PONTE VEDRA BEACH — David Toms has gone five years without winning and 10 years since his lone major at the PGA Championship.
Now he has to fend off a host of players who have won big events a lot more recently.
Toms went 25 holes before making bogey Friday and countered with enough good shots for 4-under 68, giving him a one-shot lead over Nick Watney going into the weekend at TPC Sawgrass.
Watney won a World Golf Championship two months ago at Doral. Despite missing four birdie putts inside 12 feet on his last seven holes Friday, he got into the final group.
Luke Donald, the World Golf Championship winner at Arizona in February, became the first player since 2004 to make it around Sawgrass without a bogey for the first 36 holes. He birdied the island-green 17th and shot 67 to finish two shots back.
Others two shots behind:
• U.S. Open champion and Ryder Cup star Graeme McDowell (69).
• Former U.S. Open champion Lucas Glover (71), who won last week at Quail Hollow.
• Steve Stricker (67), who has won two FedEx Cup playoff events and has become a regular among the top 10 in the world.
"Whoever plays the best on the weekend," Glover said.
Toms quit trying to be perfect on a course that looks like it demands no less. It led to nearly perfect play over two days at the Players Championship.
Toms doesn't have a great record at TPC Sawgrass. In 18 previous attempts, he has missed the cut 10 times and only once has finished in the top 10. He just couldn't figure out the right angle into the greens and always believed it had to be just right.
"It seemed early in my career around here I was always trying to play the perfect shot," he said. "I think the last few years, I've just learned to try to play my game, my shot … rather than trying to hit the perfect shot on the golf course."
Meanwhile, Watney started the back nine with back-to-back birdies then gave himself a chance on every hole. He missed four birdie putts inside 12 feet over his last seven holes, settling for 71 after opening with 64.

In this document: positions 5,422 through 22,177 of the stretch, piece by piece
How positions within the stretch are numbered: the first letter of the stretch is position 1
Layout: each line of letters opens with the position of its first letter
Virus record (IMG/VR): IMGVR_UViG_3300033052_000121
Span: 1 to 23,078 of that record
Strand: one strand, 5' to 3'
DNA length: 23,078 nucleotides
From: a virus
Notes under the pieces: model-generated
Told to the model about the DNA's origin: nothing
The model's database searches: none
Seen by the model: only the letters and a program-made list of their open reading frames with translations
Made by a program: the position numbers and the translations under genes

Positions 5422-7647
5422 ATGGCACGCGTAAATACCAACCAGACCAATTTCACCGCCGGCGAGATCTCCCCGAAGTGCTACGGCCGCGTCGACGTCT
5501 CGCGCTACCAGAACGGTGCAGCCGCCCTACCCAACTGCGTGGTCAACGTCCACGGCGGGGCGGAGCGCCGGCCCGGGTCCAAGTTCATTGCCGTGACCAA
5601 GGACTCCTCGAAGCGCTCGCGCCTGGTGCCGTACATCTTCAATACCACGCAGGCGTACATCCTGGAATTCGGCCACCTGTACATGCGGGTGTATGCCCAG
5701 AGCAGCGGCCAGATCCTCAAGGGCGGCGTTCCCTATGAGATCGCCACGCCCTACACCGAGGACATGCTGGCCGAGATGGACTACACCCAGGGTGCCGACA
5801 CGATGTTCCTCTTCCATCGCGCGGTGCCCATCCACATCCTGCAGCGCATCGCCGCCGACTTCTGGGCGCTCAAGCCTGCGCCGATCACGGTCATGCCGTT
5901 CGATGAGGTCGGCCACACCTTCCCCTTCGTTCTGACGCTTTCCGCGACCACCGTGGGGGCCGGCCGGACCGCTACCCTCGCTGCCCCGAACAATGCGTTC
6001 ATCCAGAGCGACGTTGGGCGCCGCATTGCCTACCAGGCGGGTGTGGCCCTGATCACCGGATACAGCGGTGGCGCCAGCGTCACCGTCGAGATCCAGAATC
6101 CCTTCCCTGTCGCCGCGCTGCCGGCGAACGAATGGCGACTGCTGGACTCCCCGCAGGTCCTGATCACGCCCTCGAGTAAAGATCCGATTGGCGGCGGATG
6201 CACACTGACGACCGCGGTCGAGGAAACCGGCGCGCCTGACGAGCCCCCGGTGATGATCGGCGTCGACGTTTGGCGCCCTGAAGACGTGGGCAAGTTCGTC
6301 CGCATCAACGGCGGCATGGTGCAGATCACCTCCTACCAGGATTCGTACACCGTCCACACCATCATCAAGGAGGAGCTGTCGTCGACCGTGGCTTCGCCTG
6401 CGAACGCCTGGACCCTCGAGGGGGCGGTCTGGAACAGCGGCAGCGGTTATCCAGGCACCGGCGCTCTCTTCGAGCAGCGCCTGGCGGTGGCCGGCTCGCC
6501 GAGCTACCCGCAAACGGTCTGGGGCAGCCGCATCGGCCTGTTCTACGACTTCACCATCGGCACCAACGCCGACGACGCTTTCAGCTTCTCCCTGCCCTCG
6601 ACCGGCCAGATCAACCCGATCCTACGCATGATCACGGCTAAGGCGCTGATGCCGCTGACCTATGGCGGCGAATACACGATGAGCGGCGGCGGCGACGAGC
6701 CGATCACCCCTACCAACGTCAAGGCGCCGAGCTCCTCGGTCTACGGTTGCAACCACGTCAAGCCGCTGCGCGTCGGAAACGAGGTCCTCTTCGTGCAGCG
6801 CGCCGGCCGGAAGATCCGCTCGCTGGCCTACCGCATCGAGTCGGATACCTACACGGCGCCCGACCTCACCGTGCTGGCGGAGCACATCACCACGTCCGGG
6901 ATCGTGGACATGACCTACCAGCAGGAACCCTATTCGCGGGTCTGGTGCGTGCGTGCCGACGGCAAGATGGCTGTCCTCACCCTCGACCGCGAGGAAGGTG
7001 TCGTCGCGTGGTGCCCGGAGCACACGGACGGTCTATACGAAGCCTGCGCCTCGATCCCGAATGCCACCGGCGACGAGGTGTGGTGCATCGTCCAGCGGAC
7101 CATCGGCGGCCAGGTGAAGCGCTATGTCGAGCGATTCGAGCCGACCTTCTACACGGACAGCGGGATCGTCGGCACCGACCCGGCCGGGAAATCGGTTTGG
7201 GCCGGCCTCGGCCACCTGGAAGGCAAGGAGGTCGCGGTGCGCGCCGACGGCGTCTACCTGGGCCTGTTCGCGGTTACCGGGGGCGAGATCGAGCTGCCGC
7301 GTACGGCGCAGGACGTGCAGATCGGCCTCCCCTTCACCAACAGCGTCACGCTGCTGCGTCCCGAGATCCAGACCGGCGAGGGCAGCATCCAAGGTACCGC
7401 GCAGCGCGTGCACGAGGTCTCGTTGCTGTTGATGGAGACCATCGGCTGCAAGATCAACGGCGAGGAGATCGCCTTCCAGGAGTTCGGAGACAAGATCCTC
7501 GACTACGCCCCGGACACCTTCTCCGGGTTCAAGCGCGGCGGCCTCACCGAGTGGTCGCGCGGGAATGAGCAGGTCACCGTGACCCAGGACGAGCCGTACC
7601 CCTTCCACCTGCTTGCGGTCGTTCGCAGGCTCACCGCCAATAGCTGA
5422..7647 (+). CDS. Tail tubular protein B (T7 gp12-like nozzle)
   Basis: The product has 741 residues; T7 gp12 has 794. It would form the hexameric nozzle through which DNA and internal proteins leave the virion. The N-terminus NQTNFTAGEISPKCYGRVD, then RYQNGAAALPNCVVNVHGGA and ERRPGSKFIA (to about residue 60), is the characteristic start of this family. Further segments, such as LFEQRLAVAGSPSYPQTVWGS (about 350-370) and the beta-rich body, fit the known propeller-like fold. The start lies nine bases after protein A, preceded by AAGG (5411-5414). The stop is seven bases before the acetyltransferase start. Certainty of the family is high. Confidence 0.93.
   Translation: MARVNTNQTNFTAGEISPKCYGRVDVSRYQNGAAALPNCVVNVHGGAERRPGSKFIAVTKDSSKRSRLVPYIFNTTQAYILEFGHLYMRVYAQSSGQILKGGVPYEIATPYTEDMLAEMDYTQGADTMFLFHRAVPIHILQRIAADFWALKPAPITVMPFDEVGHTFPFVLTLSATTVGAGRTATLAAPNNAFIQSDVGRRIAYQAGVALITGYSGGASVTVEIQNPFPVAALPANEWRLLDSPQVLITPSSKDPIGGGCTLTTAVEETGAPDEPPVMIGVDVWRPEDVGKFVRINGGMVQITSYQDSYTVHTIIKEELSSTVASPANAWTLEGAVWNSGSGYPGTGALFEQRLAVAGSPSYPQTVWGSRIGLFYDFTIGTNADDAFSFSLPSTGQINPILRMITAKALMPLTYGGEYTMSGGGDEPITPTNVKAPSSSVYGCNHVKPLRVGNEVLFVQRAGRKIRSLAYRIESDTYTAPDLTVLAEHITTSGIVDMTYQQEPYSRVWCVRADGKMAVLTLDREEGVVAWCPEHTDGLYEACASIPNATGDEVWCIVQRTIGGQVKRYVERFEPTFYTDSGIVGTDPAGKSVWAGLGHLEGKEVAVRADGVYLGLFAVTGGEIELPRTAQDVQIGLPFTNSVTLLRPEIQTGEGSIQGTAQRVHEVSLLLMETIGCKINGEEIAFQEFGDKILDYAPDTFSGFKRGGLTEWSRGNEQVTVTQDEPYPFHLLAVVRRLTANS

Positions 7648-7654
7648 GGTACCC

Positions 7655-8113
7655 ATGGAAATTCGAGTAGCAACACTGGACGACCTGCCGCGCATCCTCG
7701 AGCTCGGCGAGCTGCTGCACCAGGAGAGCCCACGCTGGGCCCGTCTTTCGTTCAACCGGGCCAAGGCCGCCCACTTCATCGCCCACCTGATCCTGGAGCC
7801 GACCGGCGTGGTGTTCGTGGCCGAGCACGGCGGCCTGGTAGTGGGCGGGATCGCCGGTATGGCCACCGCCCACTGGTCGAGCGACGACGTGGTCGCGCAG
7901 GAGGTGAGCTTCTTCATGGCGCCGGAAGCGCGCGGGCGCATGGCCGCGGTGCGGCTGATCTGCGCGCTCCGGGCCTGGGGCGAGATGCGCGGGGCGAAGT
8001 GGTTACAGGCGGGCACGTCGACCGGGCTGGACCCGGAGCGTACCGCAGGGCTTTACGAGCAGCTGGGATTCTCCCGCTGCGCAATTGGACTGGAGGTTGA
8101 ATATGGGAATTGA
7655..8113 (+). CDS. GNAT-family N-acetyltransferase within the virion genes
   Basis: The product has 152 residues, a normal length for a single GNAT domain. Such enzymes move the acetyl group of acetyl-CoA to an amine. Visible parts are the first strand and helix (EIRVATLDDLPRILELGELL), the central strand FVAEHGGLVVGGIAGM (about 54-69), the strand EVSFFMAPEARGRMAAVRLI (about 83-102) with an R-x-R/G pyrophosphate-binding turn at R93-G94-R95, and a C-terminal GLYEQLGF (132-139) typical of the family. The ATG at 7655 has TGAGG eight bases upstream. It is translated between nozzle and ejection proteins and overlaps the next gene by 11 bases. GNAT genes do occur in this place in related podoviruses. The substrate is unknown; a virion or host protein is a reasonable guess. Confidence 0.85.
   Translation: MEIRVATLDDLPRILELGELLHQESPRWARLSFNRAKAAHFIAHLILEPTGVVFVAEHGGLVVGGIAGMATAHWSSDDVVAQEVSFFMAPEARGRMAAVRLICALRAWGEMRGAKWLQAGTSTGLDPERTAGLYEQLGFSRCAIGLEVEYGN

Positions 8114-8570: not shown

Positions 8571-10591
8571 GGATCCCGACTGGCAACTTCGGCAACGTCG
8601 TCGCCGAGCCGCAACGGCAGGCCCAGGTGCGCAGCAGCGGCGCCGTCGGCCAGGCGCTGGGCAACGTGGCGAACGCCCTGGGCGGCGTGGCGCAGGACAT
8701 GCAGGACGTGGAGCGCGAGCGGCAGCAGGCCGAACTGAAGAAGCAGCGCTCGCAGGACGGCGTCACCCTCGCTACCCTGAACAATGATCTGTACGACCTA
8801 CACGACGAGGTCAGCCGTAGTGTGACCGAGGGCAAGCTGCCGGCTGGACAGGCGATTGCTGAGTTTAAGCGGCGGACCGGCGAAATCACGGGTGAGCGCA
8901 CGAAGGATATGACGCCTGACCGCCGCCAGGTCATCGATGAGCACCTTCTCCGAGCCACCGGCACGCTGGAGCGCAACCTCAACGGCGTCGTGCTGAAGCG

"I'm not exactly happy," Watney said, before ending his remarks with, "I'm excited where I am."
Toms was at 10-under 134, leading a quality list of contenders at the biggest event of golf's strongest tour.
Looming particularly large was Donald, the Englishman who can go to No. 1 in the world with a victory. And so far, he hasn't made bogey all week.
"I think it's an accomplishment anywhere," Donald said. "This is a tough course. There is a lot of danger lurking. It is pretty easy to slip up around this course. So it's pretty satisfying to go without making a bogey 36 holes."
Four major champions are among the top 10 — one of them is Ryder Cup captain Davis Love, a two-time winner of the Players who was three back. All but Toms among the top six have won tournaments in the past year.
But fortunes can change quickly, and so can confidence.
McDowell missed three of his past four cuts on the PGA Tour before the Players, and he was starting to wonder what was going wrong.
"You go through a spell like I've just gone through where I just couldn't piece anything together, you have crazy thoughts. 'Will I ever win again? Will I ever be in contention again? Am I done? Am I finished?' It's just the craziness of this sport," he said. "You never know what's around the corner."